by Maggie Brendan
All of you have heard of the Conestoga, or covered wagon, that frontiersmen used for travel in the West, but few have ever heard that sheepherders also had their own specialized wagon. My second book, The Jewel of His Heart, which will be out in October, is based on the life of a
Sheepherders had to search hard to find a flat spot to roll out their bedroll without encountering a root stump or rock that poked their backs at the end of a long day herding sheep. They already had to fight snakes, horned toads, and at best, slept on mattresses made of brush or soft pine needles.
Back in 1884, a blacksmith, James Candlish, was moved by the constant complaints of sleepless nights that he heard from the herders. Being a blacksmith in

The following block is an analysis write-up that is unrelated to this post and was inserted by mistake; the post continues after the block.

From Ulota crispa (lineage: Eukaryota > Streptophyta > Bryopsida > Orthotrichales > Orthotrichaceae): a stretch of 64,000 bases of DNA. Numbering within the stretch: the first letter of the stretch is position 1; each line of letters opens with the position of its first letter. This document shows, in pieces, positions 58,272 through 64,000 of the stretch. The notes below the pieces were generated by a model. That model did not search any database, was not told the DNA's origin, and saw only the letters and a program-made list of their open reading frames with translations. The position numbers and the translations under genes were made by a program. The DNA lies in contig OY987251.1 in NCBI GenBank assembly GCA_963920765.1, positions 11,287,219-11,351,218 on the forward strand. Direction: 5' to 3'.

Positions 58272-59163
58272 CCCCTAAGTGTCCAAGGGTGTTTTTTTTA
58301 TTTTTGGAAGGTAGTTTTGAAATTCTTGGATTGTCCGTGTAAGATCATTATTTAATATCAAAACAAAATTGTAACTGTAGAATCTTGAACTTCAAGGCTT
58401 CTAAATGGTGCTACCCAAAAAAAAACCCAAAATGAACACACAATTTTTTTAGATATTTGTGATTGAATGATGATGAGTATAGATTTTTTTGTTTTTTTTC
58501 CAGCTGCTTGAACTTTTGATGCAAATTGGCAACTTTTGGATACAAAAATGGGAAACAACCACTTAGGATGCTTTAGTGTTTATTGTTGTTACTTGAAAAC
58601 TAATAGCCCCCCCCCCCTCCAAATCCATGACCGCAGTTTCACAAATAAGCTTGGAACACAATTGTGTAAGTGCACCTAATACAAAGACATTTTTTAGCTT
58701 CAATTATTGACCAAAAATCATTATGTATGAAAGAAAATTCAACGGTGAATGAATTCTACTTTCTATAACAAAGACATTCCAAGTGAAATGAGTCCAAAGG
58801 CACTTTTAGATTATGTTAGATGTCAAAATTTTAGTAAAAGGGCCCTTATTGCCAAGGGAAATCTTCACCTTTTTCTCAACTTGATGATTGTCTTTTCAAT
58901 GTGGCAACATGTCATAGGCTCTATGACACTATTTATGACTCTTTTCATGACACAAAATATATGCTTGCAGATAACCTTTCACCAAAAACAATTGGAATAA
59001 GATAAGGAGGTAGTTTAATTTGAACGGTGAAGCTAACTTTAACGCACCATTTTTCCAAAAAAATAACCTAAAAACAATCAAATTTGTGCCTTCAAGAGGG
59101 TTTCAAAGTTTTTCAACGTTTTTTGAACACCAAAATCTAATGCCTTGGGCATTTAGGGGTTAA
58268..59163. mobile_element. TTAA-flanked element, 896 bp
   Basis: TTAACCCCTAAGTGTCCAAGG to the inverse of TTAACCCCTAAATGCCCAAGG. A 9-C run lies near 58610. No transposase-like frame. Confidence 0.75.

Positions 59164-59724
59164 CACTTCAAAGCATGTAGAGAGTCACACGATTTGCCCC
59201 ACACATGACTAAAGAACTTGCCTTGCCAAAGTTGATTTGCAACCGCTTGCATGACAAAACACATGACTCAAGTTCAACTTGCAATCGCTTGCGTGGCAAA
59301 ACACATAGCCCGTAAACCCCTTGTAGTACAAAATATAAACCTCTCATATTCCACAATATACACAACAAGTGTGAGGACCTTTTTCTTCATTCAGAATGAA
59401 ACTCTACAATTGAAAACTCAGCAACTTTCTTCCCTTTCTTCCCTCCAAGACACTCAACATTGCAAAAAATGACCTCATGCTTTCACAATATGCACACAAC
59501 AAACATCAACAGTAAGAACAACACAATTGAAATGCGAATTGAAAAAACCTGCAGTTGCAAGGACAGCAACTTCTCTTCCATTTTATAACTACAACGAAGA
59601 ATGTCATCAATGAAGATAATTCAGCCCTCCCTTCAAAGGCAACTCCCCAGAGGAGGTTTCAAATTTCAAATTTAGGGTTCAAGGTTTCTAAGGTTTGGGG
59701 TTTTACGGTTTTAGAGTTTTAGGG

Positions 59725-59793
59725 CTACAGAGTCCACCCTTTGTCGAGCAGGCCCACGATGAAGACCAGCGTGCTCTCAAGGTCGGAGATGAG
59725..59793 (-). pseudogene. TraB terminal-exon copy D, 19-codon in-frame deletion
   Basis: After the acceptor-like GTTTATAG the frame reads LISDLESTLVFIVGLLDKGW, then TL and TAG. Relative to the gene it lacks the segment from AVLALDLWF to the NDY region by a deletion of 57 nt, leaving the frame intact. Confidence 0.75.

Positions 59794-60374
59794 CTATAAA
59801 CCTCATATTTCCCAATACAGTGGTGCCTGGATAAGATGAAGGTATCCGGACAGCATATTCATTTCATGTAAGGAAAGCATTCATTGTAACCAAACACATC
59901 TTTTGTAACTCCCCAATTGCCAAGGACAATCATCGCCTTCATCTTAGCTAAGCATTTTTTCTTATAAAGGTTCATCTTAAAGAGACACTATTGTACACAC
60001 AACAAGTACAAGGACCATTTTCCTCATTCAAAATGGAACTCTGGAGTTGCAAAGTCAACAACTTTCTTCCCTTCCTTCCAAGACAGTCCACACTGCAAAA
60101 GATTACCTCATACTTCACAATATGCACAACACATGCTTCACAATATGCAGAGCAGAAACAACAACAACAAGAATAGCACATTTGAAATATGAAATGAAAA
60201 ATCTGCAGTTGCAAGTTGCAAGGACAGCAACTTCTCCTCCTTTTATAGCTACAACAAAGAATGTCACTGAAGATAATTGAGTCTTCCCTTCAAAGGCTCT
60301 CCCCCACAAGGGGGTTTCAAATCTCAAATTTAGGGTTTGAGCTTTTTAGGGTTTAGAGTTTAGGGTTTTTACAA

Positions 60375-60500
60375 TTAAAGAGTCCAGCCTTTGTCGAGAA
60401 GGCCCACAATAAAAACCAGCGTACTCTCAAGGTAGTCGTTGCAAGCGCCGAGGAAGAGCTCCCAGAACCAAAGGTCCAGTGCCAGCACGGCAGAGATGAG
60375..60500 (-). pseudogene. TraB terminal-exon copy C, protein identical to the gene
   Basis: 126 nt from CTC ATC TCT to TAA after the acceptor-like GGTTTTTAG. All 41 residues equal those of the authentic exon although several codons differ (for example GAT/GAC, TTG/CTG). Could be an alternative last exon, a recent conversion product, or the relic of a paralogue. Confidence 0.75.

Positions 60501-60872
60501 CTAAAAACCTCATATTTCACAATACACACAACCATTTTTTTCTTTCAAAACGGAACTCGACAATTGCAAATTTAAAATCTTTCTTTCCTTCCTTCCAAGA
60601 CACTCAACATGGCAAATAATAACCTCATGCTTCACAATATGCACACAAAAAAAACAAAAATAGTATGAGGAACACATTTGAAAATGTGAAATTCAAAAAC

However, someone came along and improved upon his invention. In 1892, the Schulte Hardware Company of
It was the perfect accommodation for most, but there were other herders whose opinion was negative because of the fact that herders tended camp in one place for a few days, then at the end of the day they had to herd the sheep back to camp where the wagon was.
The kerosene lamp and the stove made the compressed bunkhouse a cheery and warm place for the sheepherder to retreat. It wasn’t long before they were seen dotting the landscape wherever sheepherders were found.